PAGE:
This is Michael Kohan in Los Angeles, Beverly Grove near the Beverly Center
9 tenor cutaway ukes, 4 acoustic bass ukes, 12 solid body bass ukes, 14 mini electric bass guitars (Total: 39)

• Donate to The Ukulele Kids Club, they provide ukuleles to children in hospital music therapy programs. www.theukc.org
• Member The CC Strummers: YouTube: www.youtube.com/user/CCStrummers/video, Facebook: www.facebook.com/TheCCStrummers
 

Jerryc41

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It's seems that many of the great players started when they were just 5.
 

badhabits

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a new toy/source of stimulation never hurts. they make small cheap plastic ones for kids (I've even seen mini pos toy ones at the local dollar store). in terms of actual playing the instrument though, let her interest guide you
 

mjh42

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5 months might be a little young. Certainly by 2 a plastic uke would do. Son started Suzuki violin at age 4, his teacher was great at instilling proper care and attention to the instrument, he also had mom and dad to watch and how they treated mom's instruments. He did snap a bow in his younger years by putting the point on the floor and then leaning too heavy on it like a cane or walking stick. Lesson learned. His early lessons in music and his interest has led him to continue with high school orchestra and playing several other instruments. We'll see what he takes forward into adulthood. In my observations kids love rhythm, sound, music and when they start the process of making music themselves a multitude of positive outcomes ensue.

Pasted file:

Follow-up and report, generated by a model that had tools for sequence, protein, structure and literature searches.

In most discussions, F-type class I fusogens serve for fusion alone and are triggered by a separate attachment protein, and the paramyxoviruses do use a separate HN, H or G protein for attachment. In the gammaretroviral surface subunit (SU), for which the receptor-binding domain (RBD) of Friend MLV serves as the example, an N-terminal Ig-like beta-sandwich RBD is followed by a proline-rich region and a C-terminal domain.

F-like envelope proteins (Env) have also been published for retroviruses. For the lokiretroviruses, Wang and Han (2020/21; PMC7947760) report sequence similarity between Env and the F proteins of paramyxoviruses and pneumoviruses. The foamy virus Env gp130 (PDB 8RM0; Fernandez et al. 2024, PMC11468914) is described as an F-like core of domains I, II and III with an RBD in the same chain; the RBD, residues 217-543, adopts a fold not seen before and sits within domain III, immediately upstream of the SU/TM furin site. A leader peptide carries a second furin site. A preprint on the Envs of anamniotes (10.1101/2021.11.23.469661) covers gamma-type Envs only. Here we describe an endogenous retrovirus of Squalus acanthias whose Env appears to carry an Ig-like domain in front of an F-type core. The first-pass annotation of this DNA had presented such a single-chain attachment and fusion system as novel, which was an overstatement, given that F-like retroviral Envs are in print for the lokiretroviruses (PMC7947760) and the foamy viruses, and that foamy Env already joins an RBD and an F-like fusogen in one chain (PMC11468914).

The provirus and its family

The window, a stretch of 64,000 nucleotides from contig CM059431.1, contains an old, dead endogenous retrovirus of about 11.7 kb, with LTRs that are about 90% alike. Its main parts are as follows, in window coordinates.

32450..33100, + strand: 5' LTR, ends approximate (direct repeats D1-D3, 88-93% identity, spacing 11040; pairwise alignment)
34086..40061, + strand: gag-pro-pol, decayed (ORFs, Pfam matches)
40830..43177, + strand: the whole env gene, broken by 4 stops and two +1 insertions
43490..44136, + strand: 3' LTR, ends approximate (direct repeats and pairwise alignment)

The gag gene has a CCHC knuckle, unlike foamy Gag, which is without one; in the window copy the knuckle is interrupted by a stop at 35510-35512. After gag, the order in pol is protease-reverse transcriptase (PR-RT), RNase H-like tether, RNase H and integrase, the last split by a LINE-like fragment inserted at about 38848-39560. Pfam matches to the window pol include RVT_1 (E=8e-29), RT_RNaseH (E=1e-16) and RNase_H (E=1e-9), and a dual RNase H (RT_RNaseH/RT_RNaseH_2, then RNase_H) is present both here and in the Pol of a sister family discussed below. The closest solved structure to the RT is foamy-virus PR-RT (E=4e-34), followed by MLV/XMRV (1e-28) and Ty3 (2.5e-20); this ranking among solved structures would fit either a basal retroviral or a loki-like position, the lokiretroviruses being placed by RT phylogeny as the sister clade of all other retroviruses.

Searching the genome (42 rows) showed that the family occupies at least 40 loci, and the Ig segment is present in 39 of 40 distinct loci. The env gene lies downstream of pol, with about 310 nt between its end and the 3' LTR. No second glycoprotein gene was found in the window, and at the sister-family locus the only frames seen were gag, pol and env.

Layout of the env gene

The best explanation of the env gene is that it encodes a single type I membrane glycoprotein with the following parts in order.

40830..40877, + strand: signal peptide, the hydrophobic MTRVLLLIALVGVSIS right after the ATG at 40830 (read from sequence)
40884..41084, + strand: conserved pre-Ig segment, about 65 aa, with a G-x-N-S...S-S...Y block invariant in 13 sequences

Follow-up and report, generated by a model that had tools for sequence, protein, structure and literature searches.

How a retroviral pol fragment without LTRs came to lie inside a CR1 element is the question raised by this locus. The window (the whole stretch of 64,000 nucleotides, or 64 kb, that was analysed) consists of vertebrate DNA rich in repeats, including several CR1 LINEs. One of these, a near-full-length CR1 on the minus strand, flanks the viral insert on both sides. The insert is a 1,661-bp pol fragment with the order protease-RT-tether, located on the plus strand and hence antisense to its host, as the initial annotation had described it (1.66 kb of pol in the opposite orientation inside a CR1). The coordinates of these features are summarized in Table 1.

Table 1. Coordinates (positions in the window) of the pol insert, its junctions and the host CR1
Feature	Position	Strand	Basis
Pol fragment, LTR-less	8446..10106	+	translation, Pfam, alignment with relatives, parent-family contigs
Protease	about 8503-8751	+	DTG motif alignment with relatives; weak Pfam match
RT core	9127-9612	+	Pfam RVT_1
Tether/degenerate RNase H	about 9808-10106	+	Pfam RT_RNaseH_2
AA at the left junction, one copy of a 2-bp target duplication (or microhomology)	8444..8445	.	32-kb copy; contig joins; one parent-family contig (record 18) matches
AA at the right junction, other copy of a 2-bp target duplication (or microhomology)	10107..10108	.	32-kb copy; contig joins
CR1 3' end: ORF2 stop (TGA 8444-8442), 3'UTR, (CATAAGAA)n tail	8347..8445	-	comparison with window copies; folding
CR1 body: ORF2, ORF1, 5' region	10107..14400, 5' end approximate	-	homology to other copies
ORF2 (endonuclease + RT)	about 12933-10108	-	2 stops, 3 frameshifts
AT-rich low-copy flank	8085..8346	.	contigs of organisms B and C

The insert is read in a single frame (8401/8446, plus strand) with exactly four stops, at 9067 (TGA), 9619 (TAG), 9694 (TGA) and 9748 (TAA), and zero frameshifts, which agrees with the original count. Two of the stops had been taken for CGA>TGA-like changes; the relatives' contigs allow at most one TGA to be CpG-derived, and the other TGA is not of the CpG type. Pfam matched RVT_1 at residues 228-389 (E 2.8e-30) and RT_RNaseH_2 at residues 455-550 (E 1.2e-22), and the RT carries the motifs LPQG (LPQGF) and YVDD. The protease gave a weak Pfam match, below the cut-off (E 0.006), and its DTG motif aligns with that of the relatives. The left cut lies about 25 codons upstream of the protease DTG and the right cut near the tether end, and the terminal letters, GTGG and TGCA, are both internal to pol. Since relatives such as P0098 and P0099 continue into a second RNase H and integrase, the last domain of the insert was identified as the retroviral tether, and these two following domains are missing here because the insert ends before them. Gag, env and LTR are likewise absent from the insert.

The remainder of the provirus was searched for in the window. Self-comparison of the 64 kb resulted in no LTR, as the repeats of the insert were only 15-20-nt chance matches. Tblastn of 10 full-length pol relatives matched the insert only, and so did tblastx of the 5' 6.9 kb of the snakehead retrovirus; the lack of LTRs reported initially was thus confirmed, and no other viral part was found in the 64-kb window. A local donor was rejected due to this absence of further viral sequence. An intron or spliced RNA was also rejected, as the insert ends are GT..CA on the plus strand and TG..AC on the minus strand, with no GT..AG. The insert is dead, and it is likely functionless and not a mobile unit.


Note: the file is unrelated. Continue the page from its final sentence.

longtortoise

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Thanks again, everyone, for continuing to share your thoughts and experiences.

It sounds like the most important thing is continuing to play and share music with my baby and include her as she becomes interested and able. It also sounds like allowing her to get her hands on my instruments could be helpful but having something solely for her wouldn't have much value at this point. With that in mind I may get a 'knock around' uke of some kind.
 

Rllink

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I let my grand kids sit on my lap while I play them sometimes. I let them strum. I keep them out of reach otherwise. Easy enough to do. I did let my three year old grand daughter get her hands on one unsupervised with almost disasterous results. I just wrote about it in another thread. For her birthday I bought her a Dolphin of her own. It appears to me that the excitement of having her very own ukulele lasted a couple of days. Right now it is sitting in a corner of her bedroom with one broken string waiting for her to step on it. I do not believe that small children will have a natural instinct to make music if given a ukulele.